The Murray-Darling Basin Authority placed an order for 50 Gl to be delivered from the Goulburn River this month to meet downstream Murray River demand and maintain water in Lake Victoria, a key storage for South Australia.
Recently, the Victorian Government announced inter-valley trades would be limited to 50 Gl a month from December to April to help reduce environmental damage to the lower Goulburn River caused by high inter-valley trades during 2017-18 and 2018-19.
The MDBA order will see flows in the Goulburn River increase from the current IVT rate of 1300 Ml/day to an average of 1700 Ml/day.
Goulburn Broken Catchment Management Authority chief executive officer Chris Norman said the preferred flow would be 1000 Ml/day to give bank vegetation a chance to grow and provide habitat for bugs and small fish.
“Higher flows in the Goulburn at this time of the year, when you’d expect flows to be low, cause environmental damage such as erosion,” he said.
“We’ve used water for the environment in spring for the past five years to help spread the seeds and plants that help stabilise the banks and provide shelter for native fish and wildlife.
“Monitoring showed water for the environment was making a difference and that the banks were starting to recover from the last drought and floods.”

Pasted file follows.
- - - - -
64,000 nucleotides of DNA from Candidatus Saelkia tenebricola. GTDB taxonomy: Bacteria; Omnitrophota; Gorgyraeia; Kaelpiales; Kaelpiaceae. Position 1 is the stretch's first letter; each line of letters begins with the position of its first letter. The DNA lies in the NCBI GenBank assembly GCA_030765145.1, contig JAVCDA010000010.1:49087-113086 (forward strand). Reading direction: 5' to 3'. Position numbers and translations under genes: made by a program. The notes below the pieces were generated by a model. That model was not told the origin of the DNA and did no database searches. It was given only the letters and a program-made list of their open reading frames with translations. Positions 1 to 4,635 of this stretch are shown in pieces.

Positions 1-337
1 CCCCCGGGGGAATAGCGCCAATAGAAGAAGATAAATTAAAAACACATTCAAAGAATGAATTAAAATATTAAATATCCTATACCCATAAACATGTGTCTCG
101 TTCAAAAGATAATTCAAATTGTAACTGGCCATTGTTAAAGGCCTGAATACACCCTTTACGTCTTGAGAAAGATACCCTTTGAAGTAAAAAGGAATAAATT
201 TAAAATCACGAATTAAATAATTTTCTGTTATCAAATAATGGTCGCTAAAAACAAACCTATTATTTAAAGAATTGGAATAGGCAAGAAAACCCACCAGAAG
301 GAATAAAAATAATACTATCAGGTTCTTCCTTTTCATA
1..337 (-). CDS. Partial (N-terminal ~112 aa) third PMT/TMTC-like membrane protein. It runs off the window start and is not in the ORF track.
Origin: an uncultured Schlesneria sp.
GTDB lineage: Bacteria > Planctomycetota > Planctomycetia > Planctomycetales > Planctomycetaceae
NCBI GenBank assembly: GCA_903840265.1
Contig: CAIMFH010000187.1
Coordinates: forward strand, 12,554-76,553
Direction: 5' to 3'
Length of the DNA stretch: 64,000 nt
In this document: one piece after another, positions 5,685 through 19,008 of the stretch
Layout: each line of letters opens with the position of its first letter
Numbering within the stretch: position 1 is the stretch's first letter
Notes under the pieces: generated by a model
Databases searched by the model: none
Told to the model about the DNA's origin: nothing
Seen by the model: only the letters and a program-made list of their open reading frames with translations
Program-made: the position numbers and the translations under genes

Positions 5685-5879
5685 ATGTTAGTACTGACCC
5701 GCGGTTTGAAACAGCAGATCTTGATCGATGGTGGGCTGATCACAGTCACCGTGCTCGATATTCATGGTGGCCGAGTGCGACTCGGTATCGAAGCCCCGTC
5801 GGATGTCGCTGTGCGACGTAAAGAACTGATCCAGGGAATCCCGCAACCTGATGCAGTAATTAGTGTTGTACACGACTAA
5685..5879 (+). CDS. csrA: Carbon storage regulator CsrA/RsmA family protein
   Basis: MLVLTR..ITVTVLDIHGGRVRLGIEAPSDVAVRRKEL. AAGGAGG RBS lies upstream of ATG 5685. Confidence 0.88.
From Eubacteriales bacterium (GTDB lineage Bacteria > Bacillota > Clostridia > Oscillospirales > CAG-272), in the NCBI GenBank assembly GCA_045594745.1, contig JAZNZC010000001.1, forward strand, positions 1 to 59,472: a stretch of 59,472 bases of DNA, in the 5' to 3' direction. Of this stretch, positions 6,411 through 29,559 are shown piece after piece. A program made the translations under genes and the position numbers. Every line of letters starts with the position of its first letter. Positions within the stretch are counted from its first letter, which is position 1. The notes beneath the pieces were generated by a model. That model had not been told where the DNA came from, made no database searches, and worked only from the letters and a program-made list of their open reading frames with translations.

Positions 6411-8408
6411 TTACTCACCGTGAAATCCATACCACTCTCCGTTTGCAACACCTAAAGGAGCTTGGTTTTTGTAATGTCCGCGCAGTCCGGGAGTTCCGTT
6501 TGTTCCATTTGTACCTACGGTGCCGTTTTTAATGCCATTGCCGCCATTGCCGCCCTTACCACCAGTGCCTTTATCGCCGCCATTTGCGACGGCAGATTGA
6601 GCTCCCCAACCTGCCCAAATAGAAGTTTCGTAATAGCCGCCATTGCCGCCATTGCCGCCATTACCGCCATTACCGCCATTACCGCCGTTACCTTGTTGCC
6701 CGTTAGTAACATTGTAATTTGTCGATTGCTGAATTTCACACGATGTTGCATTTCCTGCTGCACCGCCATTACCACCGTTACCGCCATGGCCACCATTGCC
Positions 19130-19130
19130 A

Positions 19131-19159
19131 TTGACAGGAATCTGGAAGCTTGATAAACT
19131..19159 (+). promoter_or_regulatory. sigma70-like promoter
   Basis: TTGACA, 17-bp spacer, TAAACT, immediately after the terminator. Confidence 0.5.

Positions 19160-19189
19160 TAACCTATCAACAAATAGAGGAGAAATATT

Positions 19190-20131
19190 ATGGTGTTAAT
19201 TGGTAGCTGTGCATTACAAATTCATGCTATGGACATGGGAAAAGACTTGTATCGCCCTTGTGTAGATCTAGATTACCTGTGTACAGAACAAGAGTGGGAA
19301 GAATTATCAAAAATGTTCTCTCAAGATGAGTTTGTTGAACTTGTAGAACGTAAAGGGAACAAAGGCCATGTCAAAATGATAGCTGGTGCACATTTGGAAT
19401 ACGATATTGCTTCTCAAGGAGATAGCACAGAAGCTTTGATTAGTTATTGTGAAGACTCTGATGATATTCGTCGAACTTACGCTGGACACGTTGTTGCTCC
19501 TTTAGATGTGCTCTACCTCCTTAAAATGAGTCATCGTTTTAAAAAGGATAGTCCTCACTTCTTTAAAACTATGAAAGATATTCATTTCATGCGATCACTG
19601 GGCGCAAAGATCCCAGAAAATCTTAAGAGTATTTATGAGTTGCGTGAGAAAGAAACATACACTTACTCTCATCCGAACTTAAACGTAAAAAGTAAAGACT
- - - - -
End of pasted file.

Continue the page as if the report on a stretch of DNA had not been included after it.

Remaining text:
Goulburn Broken CMA has asked for the IVT flows to be delivered at a variable rate, to limit environmental damage to the Goulburn River.
“Unfortunately the record high IVT deliveries over the past two years during summer and early autumn have undone much of the good work we were starting to see,” Mr Norman said.
“They’ve caused erosion of the lower bank and loss of bank-stabilising vegetation, which means the banks are now even more vulnerable to high unseasonal flows.
“That’s why we’d requested that if this water had to be delivered at this time of the year our preferred delivery option was after cod opening, which provides huge economic and recreational benefits to this region.
“And, rather than delivering it at a constant rate over a long period of time, which causes erosion and drowns lower bank vegetation, we’ve recommended that it’s delivered at a variable rate with a short higher pulse of water in mid-December.”
Flows in the lower Goulburn River (downstream of Goulburn Weir) will remain about 1300 Ml/day during the next few days before a pulse of about 3000 Ml/day is delivered around Tuesday, December 17.
The effects of IVT and unseasonally high flows on the banks will continue to be monitored by Goulburn Broken CMA.
For more information on interim changes to Goulburn River operations visit: